Category Archives: World News

Remembering Sept. 11

Tomorrow is September 11. As if you need a reminder. Anniversary fatigue set in a few days ago, and I’ve hardly paid attention to the articles, books, TV shows, commercials and other assorted patriotic memorials. It’s not a day I’m looking forward to, and not for the reason most people dread the anniversary. Most people dread the reminder of the horror of that day. I find horror in the event as well, but I’m just as troubled by the results of that September morning.

Since last year our country has swung into action to protect the American way of life. But what are we protecting? Our right to be completely insensitive to world affairs? Our right to profile and abuse people based on their skin color? Our right to sell 9/11 greeting cards? Our inalienable right to put out memorial cans of pop? What’s so great that we’re trying to protect?

There’s all kinds of freedoms and rights we have in this country that are worth rallying behind. But instead we’ve made a poor show to the world. We’ve sought revenge. We’ve pummeled some of our own, ripping them from taxis and beating them, firing shots in the night at any passing turban, assuming a darker skin tone is proof of terrorist tendencies. We’ve been the bully in world affairs, dropping bombs where we want to drop bombs and threatening to drop more bombs where we want to drop more bombs. A pregnant Afghan woman lost her baby and is lucky to be alive today after shrapnel from an American bomb was lodged in her throat. We wave our big, mighty stick of justice at Iraq, pointing to all their misdeeds, all the while forgetting that we were the ones who gave them the chemical weapons we accuse them of using.

Four planes were hijacked last year and obliterated because around the world the U.S. is seen as the oppressor. In the year since we’ve done nothing but bring truth to that caricature. If we’re such a Christian nation, as so many religious leaders and politicians up for reelection would have us believe, then where is the Christian love and forgiveness? Where is the grace? We seem to have plenty of it for our fellow Americans, but we can’t spare a dime for our brothers around the world. We suspect our Arab American brothers. What happened to Christ’s command to love our neighbor? What happened to the Good Samaritan? An Arab man, complete with dark skin and turban, is the modern equivalent of the Good Samaritan. The rich man passing by on the other side is you. The Levite who refused to help is me.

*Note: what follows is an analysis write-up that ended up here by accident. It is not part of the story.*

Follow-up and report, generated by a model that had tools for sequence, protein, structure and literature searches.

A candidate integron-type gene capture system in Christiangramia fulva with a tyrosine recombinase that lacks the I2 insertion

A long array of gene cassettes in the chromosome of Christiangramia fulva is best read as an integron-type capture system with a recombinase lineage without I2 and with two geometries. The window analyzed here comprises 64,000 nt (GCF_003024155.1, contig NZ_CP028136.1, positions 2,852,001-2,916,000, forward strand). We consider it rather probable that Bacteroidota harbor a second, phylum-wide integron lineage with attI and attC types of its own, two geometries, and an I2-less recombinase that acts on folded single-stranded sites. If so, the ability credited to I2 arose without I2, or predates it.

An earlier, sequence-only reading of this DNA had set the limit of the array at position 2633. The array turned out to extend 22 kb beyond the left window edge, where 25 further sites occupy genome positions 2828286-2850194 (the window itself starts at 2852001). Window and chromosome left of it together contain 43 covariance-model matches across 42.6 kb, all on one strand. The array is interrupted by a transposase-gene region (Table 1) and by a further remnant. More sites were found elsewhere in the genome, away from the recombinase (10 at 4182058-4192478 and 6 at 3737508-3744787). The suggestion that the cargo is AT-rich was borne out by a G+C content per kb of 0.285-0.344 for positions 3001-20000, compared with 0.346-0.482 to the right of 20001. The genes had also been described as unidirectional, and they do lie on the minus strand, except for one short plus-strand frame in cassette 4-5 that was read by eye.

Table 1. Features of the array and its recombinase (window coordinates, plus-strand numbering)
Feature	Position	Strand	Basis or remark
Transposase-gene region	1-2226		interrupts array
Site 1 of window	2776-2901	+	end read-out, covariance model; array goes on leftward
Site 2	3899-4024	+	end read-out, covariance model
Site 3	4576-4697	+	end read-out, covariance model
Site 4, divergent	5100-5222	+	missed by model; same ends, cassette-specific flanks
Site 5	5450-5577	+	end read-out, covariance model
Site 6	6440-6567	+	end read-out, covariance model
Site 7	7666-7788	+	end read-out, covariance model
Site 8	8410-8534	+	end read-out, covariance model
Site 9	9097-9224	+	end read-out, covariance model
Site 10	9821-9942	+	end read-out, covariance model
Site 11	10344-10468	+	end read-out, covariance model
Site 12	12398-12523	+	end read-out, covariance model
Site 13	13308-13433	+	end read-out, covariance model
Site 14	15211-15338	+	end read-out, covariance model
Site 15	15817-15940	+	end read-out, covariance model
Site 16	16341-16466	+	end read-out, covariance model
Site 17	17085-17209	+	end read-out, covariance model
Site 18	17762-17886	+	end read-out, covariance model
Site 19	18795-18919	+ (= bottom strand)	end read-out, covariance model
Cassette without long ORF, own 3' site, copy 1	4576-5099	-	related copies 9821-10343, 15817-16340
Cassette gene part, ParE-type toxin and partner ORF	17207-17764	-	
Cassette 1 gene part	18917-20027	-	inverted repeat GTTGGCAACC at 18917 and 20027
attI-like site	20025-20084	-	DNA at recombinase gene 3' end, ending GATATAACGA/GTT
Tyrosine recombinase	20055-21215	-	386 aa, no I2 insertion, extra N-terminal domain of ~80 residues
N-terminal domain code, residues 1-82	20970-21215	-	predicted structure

As all the patriotism swells tomorrow night, we’re very good at loving ourselves. We’re very good at making heroes out of everyone, whether they’re deserving or not. But we haven’t changed as a nation. We’re more defensive, more vindictive, less trusting, and less loving. We’re willing to shed a tear for our stars and stripes, say the pledge and say it loud, pin a ribbon and puff up with pride. But we’re not willing to show the world the love of God we claim this country was founded on.

The one thing I truly hate to see is those images. The events of last year replayed again and again, captured on film and regurgitated for all to see, engineered to pull at your heart and squeeze a tear from your eye. Superimposed with flags and statues of liberty and excuse me while I vomit. I watched with voyeuristic shock as a 747 disappeared inside one of the towers of the World Trade Center, only to be replaced with belching flames. I don’t want to see that image ever again. But tomorrow it will reply again and again. Four-year-olds will see it and look to the sky every time they hear a plane, tugging on their teacher’s clothes and asking if the plane is going to crash, going to come down on them.

Our media-driven culture wants to bring healing, but a montage of patriotic death will only fuel zealous actions of bitter selfishness. Hug your children tomorrow. Buy a homeless guy a burger. Be kind to an immigrant. Smile. But don’t bury your head in a memorial edition of the paper. Don’t buy the book. Screw the DVD. And whatever you do, unplug the TV.

The Realities of Terror

In the midst of letters of anthrax and soldiers with M-16s at the airport, it’s a little difficult to get you arms around the current situation in America. The land of the free and home of the brave has become the land of fearful and home of the terrorized.

And in part, we do it to ourselves. Time reported that the FBI was called in when a woman found a mysterious white powder on her keyboard. False alarm. She’d been eating a cookie. It’s rare comic relief like this that makes me feel better, but then I start worrying that all Americans could be this stupid.

One thing I have learned this past week is that now every American has a tiny taste of what it’s like to live somewhere else. We are a privileged nation. As much as I complain about my loans, my bills, my desperate poverty — I am rich. The fear and apprehension that’s sweeping across the land is a tiny inkling of what some people go though every day. They live in fear and oppression. Bombs go off in their streets all the time. Watching someone die is a common occurrence.